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Mon Sep 21, 2020, 10:13 AM

Eric Boehlert: Trump, Obama and the media's wild Supreme Court double standard


Trump, Obama and the media's wild Supreme Court double standard
Normalizing radical behavior
Eric Boehlert


Over and over in 2016, we heard that Obama was "picking a fight" with Republicans by nominating a Supreme Court Justice eight months before an election. That type of media acquiescence served as the hallmark of the Obama era. Republicans routinely obliterated Beltway norms and journalists portrayed the obstruction as routine, and often blamed Obama for not being able to avoid the showdowns.

Today, Trump wants to ram through a nomination in six weeks but he isn't "picking a fight"? Much of the Ginsburg coverage starts with the premise that of course Trump will try to confirm a Supreme Court Justice days before the election, or during a lame duck session after the election, which would be unheard of in the history of the Court for a contested nomination. It would be an especially jaw-dropping move if Republicans lose the White House and the Senate on Election Day.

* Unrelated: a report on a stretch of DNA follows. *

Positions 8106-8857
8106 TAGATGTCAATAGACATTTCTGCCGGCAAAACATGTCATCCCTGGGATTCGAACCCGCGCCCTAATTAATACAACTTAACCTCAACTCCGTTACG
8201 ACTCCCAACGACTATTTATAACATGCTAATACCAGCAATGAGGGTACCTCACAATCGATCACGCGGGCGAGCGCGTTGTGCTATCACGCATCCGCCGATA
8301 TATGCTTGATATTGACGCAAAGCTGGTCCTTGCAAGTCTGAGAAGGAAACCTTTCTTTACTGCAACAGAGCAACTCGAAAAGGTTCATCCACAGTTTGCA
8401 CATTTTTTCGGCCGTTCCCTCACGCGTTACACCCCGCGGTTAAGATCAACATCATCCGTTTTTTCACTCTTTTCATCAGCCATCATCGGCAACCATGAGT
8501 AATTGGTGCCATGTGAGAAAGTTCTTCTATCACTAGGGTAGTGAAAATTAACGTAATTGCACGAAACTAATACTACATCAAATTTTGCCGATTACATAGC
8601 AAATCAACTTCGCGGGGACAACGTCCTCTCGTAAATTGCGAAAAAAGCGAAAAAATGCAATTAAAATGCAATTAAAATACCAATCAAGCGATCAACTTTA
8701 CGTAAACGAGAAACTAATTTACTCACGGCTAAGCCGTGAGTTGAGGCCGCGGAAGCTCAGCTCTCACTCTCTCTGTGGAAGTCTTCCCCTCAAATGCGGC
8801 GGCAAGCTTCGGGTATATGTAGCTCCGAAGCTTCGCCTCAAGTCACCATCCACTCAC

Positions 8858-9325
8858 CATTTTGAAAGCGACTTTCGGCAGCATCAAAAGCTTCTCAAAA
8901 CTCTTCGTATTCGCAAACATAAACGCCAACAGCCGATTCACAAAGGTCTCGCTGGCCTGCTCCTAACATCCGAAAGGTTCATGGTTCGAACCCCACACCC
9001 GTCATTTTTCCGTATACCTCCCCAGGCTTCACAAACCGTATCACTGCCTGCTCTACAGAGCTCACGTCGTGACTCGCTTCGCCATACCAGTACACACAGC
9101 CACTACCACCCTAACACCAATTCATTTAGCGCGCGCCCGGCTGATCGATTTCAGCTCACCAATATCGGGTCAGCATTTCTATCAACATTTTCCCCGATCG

With its Ginsburg fallout coverage, Politico often didn't even bother to consider the issue of GOP hypocrisy ó it was a non-entity. Starting from a premise that mirrored Republican talking points, Politico assumed without question that Trump would nominate a new Justice, even though the GOP spent 2016 arguing how dishonest that exact move would be during an election year:

President Donald Trump and his team are weighing a key decision this weekend: whether to nominate a Supreme Court candidate who already has been carefully vetted and interviewed, or take extra time to select someone newer to his process who could yield a bigger election-year payoff.

Incredibly, the long Politico piece on Republican strategy made no mention of Merrick Garland or the fact that Republicans blocked his election year nomination in 2016. Politico flushed all that down the memory hole.


This Times piece over the weekend buried Sen. Lindsey Graham's stunning flip-flop quotes at the bottom of the article. At National Public Radio, it wasn't duplicitous Republican behavior that was the most newsworthy, it was that Trump's "flair for the dramatic" and how his "sense of showmanship" was sure to make his upcoming Justice nomination pick entertaining.

What Republicans are trying to pull off with the post-Ginsburg power grab has no precedence in American history and represents a corrupt power maneuver by an unpopular president. Thatís how the press should cover the unfolding story.

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